EPSRC funds EPIQC ambition for quantum computing

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Glasgow University researchers are leading EPIQC, an EPSRC-funded project aiming to take quantum computing from the lab to real-world applications.

Dr Hadi Heidari (left) and Professor Martin Weides (right) of Glasgow University’s James Watt School of Engineering work on some of their quantum computing equipment (Image: Glasgow University)

The four-year EPIQC (Empowering Practical Interfacing of Quantum Computing) project will see quantum computing and ICT researchers across the UK collaborating on new ways to fulfil the project’s ambition.

Unlike conventional digital computers, which encode information in the form of binary bits, quantum computers harness the phenomena of superposition and entanglement to encode information, which has the potential for much more advanced computing.


According to Glasgow University, there is no overarching infrastructure to enable widespread interaction with quantum computers through information and communication technologies as there is with digital computers. Without an established ICT structure, quantum computing cannot be extended to the devices, networking, and components that are commonplace in today’s digital world.

EPIQC brings together researchers to work on the interface of quantum computing and ICT through co-creation and networking activities. The collaborators will focus on three key areas, namely optical interconnects, wireless control and readout, and cryoelectronics.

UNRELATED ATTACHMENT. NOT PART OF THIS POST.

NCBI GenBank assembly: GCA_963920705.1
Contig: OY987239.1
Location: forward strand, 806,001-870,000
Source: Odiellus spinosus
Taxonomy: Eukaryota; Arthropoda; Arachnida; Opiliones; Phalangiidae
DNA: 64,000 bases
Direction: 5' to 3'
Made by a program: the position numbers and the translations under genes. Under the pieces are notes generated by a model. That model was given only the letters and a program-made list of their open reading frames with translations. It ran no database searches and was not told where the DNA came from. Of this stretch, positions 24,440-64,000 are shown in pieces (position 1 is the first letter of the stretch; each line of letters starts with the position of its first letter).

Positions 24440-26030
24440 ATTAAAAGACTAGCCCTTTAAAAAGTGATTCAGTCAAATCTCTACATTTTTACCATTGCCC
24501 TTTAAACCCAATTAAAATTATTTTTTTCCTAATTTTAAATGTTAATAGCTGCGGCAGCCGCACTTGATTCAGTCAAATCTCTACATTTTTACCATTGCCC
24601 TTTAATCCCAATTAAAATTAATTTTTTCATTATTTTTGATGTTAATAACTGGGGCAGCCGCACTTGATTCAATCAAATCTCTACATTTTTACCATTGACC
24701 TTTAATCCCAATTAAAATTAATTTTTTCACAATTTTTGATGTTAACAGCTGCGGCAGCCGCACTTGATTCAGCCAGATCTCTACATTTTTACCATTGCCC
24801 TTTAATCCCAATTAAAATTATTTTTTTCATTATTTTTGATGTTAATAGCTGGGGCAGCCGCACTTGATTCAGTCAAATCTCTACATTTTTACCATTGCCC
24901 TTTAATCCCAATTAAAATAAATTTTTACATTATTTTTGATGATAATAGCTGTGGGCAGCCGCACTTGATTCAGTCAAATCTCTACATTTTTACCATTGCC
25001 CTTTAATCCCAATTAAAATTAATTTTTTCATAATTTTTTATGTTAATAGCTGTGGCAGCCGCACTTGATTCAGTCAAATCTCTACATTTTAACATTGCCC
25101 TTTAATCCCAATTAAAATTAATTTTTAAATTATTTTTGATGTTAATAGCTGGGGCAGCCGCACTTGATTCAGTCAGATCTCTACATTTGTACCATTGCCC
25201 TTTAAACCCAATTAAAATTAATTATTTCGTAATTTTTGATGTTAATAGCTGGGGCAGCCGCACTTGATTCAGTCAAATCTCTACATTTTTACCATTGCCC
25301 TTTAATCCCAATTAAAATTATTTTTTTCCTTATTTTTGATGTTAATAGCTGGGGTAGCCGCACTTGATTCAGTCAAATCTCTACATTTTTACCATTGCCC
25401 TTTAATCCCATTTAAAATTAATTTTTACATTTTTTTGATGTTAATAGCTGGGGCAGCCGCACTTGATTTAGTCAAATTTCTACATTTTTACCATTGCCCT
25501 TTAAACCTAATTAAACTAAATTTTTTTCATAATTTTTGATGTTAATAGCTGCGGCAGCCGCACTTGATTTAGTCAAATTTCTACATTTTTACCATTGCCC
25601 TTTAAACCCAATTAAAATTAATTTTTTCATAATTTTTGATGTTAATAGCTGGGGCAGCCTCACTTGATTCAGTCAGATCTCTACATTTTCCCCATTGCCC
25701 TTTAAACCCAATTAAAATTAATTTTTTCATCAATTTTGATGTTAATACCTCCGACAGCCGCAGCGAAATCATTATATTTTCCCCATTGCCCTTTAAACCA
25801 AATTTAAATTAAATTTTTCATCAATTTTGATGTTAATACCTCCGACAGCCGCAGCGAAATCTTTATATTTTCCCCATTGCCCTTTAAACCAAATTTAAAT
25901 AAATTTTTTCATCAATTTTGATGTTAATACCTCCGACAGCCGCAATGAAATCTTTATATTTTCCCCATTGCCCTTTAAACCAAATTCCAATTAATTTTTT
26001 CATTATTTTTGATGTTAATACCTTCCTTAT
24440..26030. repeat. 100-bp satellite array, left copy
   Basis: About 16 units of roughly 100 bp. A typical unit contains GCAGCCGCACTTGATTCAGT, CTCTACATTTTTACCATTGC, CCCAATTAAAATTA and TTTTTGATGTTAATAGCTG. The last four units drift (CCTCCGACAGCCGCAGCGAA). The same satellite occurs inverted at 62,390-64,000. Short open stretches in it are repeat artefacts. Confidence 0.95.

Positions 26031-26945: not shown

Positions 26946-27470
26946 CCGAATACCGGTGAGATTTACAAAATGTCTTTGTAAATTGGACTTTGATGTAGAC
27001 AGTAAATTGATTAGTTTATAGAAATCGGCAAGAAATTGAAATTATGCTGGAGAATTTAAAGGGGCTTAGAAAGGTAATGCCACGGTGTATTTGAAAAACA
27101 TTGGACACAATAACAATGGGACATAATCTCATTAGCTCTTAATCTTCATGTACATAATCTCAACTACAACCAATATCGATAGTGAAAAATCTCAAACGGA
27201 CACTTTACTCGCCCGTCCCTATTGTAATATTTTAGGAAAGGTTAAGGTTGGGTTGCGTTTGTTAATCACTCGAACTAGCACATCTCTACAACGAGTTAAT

In a statement, EPIQC leader Professor Martin Weides, of Glasgow University’s James Watt School of Engineering, said: “We’re pleased that EPSRC has chosen to lend their support to this project, which involves many of the leading quantum technology and ICT researchers and industry partners from across the UK.

“Together, we have the expertise and access to facilities which will help us tackle some tricky problems. We expect to develop a robust network of collaboration and co-creation which will produce some exciting results and help further develop the roadmap to realise the potential of quantum computing interfaces.”

EPIQC is said to build on existing quantum research and development at Glasgow University, which includes leading QuantIC, the UK Quantum Technology Hub in Imaging, which was launched in 2014 as part of the £1bn UK National Technologies Programme.

Dr Hadi Heidari of the James Watt School of Engineering and co-lead of EPIQC said: “We’re delighted to have some of the world’s leading quantum computing and ICT experts from academia onboard right from the start to help us deliver advances in quantum computing.

“It is a fast-expanding field with the potential for truly transformative change, and we’re pleased to be playing a leading role in supporting the UK as a centre for quantum computing excellence.”